"We had about 10 prospects there, and that night at our dinner after the races we closed on seven," she said. "The yield rate is always very high at one of these functions because they know going into it what they'll be asked to contribute.

"The Tocqueville Society reflects the community as a whole, and we had people at the karting fund-raiser who like motorsports," she added. "Those same people might not be as interested in a showing of a private contemporary art collection or batting practice with Johnny Bench, but this was right up their alley and the Motorsports Country Club of Cincinnati did a phenomenal job for us.

"When you go into the facility you expect outstanding service, and they came through," she said. "The tracks are well maintained and the clubhouse is what you would expect from a private club; it’s very well done. They provided the karts and helmets, the safety check and the training; they determined who should be in what kart; I didn't have to figure out what kart racing was all about. I got the prospects there with the current members, and they took it from there. They gave me a list of approved caterers and I chose one, and they knew exactly how to work the event. We had a beautiful evening.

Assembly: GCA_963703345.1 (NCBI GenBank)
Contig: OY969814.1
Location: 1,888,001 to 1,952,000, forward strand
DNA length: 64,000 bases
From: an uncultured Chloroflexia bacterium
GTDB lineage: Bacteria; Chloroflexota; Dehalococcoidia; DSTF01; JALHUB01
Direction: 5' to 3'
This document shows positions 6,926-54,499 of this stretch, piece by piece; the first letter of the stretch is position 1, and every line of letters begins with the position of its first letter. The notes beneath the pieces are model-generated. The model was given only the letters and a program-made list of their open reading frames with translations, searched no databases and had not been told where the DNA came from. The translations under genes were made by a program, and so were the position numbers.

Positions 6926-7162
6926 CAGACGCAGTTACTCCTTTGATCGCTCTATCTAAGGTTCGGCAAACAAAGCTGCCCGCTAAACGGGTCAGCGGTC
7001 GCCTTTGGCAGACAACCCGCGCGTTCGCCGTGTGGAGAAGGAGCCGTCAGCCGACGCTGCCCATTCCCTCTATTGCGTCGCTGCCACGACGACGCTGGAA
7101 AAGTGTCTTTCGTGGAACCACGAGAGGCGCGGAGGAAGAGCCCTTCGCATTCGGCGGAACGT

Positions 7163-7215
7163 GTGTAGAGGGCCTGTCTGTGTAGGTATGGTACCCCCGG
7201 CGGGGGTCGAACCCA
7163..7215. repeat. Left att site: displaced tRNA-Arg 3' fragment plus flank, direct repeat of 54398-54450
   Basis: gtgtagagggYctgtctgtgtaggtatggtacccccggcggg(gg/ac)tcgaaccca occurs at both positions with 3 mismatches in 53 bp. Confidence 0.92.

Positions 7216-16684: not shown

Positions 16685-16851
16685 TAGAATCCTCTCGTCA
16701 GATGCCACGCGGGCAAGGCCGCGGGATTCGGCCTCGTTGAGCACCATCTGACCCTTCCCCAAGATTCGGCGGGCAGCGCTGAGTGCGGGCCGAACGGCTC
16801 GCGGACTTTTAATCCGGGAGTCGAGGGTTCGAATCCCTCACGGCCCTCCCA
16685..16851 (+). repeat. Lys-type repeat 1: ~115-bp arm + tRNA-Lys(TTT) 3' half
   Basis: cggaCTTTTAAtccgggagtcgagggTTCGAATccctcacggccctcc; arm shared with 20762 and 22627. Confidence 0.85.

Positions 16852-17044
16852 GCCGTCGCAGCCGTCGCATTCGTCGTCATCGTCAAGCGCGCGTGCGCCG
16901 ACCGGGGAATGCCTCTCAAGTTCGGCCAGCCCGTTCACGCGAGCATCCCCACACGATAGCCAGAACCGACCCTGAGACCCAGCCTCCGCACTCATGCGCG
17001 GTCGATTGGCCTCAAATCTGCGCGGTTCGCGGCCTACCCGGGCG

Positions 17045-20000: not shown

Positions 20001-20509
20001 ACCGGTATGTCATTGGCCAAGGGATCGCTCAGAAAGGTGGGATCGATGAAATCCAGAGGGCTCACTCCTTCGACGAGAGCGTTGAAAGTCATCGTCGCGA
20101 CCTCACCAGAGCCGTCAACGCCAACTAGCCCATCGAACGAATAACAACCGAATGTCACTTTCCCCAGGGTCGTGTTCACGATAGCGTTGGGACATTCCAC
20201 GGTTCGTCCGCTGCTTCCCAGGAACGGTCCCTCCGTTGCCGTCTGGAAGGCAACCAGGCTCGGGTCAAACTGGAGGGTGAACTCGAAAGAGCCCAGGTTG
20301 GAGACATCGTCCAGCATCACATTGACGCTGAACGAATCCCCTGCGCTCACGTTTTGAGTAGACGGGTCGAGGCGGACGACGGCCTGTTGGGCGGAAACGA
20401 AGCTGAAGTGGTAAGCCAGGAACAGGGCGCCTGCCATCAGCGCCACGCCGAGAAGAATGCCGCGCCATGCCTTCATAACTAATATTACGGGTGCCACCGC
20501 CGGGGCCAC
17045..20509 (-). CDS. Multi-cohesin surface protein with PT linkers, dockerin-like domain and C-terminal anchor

"Some of the women who participated were phenomenal; you put a couple of petite women in a kart against men who weigh over 200 pounds, and they definitely proved they could hold their own," she added with a smile. "I'd have another event there sometime, for sure."

Besides the April 29 Crable Foundation event, another charity fund-raiser already on the MCC's 2011 calendar on its Web site at is the Dan Beard Council of the Boy Scouts of America fund-raiser on Sept. 22.

For more information on the Motorsports County Club of Cincinnati, call Symmes at (513) 625-7223, e-mail him at, or see the club's Web site at Bill Kidwell, who is in charge of new memberships, corporate events and fund-raisers, can be reached at (513) 910-8947 or